Saturday, January 18, 2014
…cast your gaze upon the setting sun: LANDSKAP – ‘I’
Landskap’s debut album, ‘I’, has the distinction of being the first 2014 release to be reviewed at Vertical Chamber Apparatus and, to top it off, it’s the first great surprise of the year. The London based band features veterans of the European metal scene from such acts as Serpentcult, Fen, Pantheist, and Dead Existence among others. Despite the wide-ranging influences that each member brings to the band, ‘I’ is truly unlike anything that the individuals were producing before coming together. The four tracks that comprise ‘I’—two of which are instrumentals—cover a wide range of styles without sounding incoherent or disjointed. Classic hard rock and metal, prog, doom, and psychedelia are all represented in equal measure resulting in an exceptional collection of tunes.
The album takes a giant stride with its best foot forward on the opener “A Nameless Fool”. Easily the doomiest track of the album complete with an eerie atmosphere—aided in part by organ and the sporadic tolling of a bell—that’s not too far removed from what The Wounded Kings had created on their phenomenal debut ‘Embrace of the Narrow House’. With a runtime venturing near twelve minutes, “A Nameless Fool” staggers forth at a doomed pace while allowing exploratory, inter-dimensional lead guitar to ebb and flow from a seemingly distant plane for a spectral, otherworldly experience.
“My Cabin in the Woods”, in jarring opposition to the haunting opening track, is a three minute blissful instrumental that brings Chicago post-rock instrumentalists Tortoise to mind. Bright basslines are played high on the fretboard, and notes plucked from the guitar ring out and calmly turn themselves inside-out. It’s soothing, sunny, and trippy.
The third track, “Fallen So Far”, channels the best of Deep Purple and King Crimson and funnels them through a hard rocking, proto-doom filter. Where “A Nameless Fool” was Hell-bent on creating an ominous, doomy atmosphere, “Fallen So Far” instead goes for the throat by rocking out and features stellar performances from each member of the band, particularly on drums. A killer track from start to finish.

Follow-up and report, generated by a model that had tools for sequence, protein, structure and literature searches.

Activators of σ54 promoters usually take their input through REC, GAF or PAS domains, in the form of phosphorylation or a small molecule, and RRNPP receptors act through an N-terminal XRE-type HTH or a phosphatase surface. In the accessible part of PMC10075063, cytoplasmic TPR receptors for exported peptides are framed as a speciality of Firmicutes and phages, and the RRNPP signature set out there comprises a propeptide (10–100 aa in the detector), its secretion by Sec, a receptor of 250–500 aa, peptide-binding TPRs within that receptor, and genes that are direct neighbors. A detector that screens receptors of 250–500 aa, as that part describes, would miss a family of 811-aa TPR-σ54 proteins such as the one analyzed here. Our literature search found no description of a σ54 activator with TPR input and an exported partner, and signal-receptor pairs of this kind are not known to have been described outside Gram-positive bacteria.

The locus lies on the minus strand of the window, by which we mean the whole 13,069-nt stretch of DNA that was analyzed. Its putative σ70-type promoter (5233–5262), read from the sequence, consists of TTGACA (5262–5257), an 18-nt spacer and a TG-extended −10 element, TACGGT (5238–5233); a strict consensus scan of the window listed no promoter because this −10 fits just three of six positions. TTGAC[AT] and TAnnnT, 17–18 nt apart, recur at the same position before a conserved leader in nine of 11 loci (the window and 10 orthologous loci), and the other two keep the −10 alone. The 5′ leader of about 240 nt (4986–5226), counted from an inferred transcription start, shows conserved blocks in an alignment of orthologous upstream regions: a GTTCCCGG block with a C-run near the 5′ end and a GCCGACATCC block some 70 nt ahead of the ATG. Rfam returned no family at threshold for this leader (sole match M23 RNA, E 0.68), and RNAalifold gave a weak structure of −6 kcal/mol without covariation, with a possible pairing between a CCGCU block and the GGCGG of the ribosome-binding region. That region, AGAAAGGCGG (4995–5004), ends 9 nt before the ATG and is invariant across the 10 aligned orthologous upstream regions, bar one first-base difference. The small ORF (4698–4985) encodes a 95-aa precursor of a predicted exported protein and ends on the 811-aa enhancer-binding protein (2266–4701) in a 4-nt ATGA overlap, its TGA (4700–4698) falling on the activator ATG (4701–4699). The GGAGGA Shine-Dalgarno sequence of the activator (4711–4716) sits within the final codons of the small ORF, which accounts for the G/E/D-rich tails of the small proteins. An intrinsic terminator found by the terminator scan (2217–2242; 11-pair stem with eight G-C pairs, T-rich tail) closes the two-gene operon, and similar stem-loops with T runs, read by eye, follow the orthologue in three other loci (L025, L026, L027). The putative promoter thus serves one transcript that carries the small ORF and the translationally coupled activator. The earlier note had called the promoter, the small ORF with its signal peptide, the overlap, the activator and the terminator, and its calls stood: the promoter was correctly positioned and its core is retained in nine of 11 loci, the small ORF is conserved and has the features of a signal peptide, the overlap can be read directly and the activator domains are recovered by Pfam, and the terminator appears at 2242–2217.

“Fallen So Far” eventually melts into the fourth and final track, “To Harvest the Storm”. The twelve minute album-closer is a cerebral, kraut-rock inspired jam that builds in both intensity and layers before ultimately taking off midway through the track. Initially hypnotic, the song rips into a mesmerizing fury with the controls set for the heart of the sunrise.
Landskap’s debut is an incredibly eclectic collection of tunes that remains engaging from beginning to end. Despite the variations in styles and influences the band is able to pull it off effortlessly. With only four tracks and a runtime of just over thirty minutes ‘I’ ends way too soon. Fans of hard rock and doom with an openness to experimentation should definitely check these guys out. Hopefully ‘I’ is a sign of greater things to come. As it stands this is a phenomenal release that is punctuated by great songwriting, killer vocals, and excellent instrumentation.